Dentist’s Responsibility and Jurisprudence in Norway and Other Nordic Countries

Klaus Rötzscher (ed.)Forensic and Legal Dentistry201410.1007/978-3-319-01330-5_8

© Springer International Publishing Switzerland 2014

8. Dentist’s Responsibility and Jurisprudence in Norway and Other Nordic Countries

Tore Solheim 
(1)

Institute of Oral Biology, Pathology and Forensic Odontology, University Oslo, Oslo, Norway
 
 
Tore SolheimProf. (em) Dr. odont.
Abstract
The dentist’s professional responsibility can be divided into that according to either criminal law or civil law (jurisprudence). Criminal responsibility is regulated by laws whereby you risk punishment, either as a fine or by jail sentencing, if you break the law.

8.1 Introduction

The dentist’s professional responsibility can be divided into that according to either criminal law or civil law (jurisprudence). Criminal responsibility is regulated by laws whereby you risk punishment, either as a fine or by jail sentencing, if you break the law.
Civil responsibility is a responsibility towards other persons, bodies, or organizations. No criminal law is broken, but it may originate as a disagreement between the dentist and other parties, usually the patient, often involving economic aspects. It may also be an accident, and the victim, usually the patient, may demand economic compensation. Other cases may involve a missed diagnosis or a treatment that does not fulfill the patient’s wishes. The civil responsibility may also be directed towards the Dental Association where malpractice or ethical conduct may be the issue. Finally, it may be against colleagues or coworkers if disagreement arises.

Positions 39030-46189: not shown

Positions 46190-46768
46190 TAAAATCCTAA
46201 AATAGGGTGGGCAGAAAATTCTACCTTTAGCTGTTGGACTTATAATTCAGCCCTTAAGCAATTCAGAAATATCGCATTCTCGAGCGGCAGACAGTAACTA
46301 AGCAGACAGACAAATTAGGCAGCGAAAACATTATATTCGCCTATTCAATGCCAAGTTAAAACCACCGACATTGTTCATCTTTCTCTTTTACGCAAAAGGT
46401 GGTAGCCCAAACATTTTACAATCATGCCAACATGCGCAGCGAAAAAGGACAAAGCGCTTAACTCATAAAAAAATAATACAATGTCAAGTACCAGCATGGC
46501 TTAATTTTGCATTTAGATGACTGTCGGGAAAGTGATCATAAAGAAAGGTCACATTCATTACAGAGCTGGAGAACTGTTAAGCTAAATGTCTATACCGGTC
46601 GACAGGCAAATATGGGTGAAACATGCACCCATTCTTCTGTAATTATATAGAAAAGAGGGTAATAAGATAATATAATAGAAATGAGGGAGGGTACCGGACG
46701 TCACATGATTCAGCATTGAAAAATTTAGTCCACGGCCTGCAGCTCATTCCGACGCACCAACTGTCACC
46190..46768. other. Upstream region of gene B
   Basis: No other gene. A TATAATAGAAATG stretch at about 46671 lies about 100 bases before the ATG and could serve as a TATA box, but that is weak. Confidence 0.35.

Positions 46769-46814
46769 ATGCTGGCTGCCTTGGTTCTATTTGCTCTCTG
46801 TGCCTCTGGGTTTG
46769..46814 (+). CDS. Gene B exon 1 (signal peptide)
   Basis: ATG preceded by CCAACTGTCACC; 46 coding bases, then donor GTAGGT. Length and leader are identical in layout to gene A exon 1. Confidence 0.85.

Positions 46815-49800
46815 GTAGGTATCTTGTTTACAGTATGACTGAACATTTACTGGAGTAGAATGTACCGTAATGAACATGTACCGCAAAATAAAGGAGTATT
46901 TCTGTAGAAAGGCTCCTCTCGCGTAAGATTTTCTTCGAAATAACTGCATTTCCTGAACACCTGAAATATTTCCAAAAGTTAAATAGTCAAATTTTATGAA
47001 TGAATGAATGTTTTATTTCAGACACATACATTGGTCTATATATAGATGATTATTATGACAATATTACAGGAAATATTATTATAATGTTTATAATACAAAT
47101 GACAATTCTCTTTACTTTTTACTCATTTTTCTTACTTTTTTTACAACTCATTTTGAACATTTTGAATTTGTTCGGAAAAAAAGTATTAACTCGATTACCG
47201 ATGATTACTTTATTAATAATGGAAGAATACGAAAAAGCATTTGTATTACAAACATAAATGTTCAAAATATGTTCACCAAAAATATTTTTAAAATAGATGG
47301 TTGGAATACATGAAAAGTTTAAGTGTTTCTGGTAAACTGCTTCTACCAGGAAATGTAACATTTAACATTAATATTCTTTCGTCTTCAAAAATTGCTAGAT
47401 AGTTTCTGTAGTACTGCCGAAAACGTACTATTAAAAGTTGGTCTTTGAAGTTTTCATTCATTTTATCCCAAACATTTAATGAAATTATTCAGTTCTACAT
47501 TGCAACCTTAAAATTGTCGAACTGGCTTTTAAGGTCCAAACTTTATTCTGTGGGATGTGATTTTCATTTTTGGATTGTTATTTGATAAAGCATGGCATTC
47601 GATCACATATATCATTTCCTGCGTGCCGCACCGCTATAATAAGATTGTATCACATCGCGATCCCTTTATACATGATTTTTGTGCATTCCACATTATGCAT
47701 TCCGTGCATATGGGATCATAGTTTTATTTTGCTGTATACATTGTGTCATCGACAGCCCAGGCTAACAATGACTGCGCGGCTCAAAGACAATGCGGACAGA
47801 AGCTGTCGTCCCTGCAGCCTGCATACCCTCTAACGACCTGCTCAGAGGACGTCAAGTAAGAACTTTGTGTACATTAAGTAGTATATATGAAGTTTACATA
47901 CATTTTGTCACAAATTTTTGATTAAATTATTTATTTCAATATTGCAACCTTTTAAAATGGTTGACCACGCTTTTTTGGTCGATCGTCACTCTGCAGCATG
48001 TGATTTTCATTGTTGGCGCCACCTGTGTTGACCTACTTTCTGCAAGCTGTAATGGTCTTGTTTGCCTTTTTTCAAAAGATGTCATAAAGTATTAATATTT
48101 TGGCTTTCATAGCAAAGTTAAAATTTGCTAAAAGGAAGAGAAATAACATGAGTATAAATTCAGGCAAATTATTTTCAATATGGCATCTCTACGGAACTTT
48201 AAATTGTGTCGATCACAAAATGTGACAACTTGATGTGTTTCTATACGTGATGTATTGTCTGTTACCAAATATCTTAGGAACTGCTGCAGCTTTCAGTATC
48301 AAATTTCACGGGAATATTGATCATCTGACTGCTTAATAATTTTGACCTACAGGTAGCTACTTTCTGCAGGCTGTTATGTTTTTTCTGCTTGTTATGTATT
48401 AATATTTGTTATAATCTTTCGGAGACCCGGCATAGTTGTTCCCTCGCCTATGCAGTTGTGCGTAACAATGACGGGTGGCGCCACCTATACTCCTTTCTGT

In other Nordic countries, the dentists’ responsibilities are comparable to those in Norway; however, the exact laws and regulations may vary.

8.2 Criminal Law

Criminal law was intended to be a superheading, now as it is printed it may need a text. I suggest: “A number of laws may be broken whereby the dentist risk punishment. The most important is the Penal Code 2005 and the Health Personnel Law 1999. However, there are also other laws which will not be discussed here. These include laws on criminal proceedings, prescription of medicine, book keeping and taxation, working environment and working time, health and social preparedness in case of war and alternative treament of diseases.

8.3 Penal Code 2005

This law regulates the entire population of the country. Certain paragraphs, however, may be more relevant to dentists. The law states that assault is a criminal offence. If a patient has not consented to treatment, then the dentist is seen to have committed an assault. It is thus important that the patient is informed about treatment to be performed and gives his consent. He should also be given the opportunity to refuse a treatment at any time. This is further explained under special laws.
This law also confers the duty of confidentiality to employers in public services, including dentists. All health personnel, inclusive private practitioners, are governed by the Health Personnel Law which also requires the duty of confidentiality. However, the punishment of a breach of the law may for them be more severe according to the Penal Code, 6 months versus 3 months.
According to the Penal Code, misappropriation of funds is a criminal offence, and dentists found to be benefitting from illegal earnings may thus be punished according to the Penal code.